SCOTUSblog explains the excellent unanimous decision in KSR v. Teleflex. The Court overturned a lower court and invalidated a patent, strongly reaffirming the principle that patents must cover inventions that would not be obvious to a practitioner in the field based on existing inventions (“prior art”):
The Court’s decision has therefore called into question the validity of hundreds of thousands of claims in issued patents, and will likely lead to a dramatic change to the method by which the Patent Office, the courts, and the bar conduct their obviousness analyses.
This is excellent news, since the Patent Office has been on a tear lately, granting patents for a wider array of things, including business practices and algorithms, while staff sizes have held relatively steady, and patent reviewer expertise has not grown to match the state of the art. Fear of tripping over a questionable patent, or running afoul of a bogus patent held only for the purpose of extorting license fees, has hampered technological advancement, operating exactly counter to the intention of patents.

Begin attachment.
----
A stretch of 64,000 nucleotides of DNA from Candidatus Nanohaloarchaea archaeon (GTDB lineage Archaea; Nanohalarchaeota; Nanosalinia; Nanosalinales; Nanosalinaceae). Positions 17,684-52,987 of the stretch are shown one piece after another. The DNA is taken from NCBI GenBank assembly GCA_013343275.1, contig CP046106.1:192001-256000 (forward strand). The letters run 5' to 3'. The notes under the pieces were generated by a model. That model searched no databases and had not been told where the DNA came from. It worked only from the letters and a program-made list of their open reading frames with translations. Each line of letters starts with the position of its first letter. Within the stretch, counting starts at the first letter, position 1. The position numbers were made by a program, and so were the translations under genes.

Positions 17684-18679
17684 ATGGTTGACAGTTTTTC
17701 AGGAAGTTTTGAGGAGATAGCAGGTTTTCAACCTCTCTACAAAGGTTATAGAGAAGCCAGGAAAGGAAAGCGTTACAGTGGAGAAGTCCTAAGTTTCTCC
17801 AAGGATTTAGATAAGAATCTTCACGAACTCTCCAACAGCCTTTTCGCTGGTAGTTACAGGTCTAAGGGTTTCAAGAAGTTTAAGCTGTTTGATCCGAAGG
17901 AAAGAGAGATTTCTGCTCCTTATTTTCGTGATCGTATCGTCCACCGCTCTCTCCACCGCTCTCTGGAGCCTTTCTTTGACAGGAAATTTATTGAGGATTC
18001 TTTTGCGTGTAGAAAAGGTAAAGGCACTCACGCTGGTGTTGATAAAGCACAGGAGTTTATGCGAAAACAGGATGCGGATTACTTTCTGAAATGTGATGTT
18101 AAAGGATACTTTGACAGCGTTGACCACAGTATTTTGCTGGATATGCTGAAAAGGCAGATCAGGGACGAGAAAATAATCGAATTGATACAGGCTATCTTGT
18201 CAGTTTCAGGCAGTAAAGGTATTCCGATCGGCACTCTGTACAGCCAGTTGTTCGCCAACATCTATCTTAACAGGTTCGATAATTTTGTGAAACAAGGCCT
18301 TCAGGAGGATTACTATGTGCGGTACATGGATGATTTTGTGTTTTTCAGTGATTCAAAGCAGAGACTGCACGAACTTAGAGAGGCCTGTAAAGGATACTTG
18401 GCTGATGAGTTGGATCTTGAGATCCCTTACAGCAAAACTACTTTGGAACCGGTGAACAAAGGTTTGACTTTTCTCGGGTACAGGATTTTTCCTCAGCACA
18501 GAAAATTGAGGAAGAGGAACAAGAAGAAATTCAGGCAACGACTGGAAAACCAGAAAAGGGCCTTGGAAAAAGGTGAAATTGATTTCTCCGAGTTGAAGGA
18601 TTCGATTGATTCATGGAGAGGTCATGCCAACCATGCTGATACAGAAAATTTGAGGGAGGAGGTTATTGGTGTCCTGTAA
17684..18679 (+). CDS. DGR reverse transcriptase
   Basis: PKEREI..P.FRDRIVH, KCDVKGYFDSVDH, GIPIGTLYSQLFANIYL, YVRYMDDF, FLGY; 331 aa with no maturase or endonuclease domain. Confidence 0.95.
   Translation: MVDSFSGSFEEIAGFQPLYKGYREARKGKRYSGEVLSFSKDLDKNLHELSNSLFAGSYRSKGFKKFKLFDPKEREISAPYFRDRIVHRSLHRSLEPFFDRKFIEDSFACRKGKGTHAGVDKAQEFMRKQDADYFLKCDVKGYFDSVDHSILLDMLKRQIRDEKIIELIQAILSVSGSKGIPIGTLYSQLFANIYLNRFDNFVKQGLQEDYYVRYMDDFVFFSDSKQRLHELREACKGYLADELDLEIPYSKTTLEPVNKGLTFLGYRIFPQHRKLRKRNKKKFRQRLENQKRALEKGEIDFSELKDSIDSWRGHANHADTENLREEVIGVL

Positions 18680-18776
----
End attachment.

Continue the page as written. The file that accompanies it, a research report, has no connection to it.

Patents are supposed to “promote the useful arts and sciences” by granting a limited period of monopoly over an invention. Overly broad patents and patents on obvious inventions (including business practices and computer algorithms) have left a field so convoluted as to be impossible for the average innovator to navigate.
This decision is a good first step. SCOTUSblog describes a lot of ambiguity left in the decision, ambiguity which will be sorted out by lower courts, but which will move us towards a more rational patent system.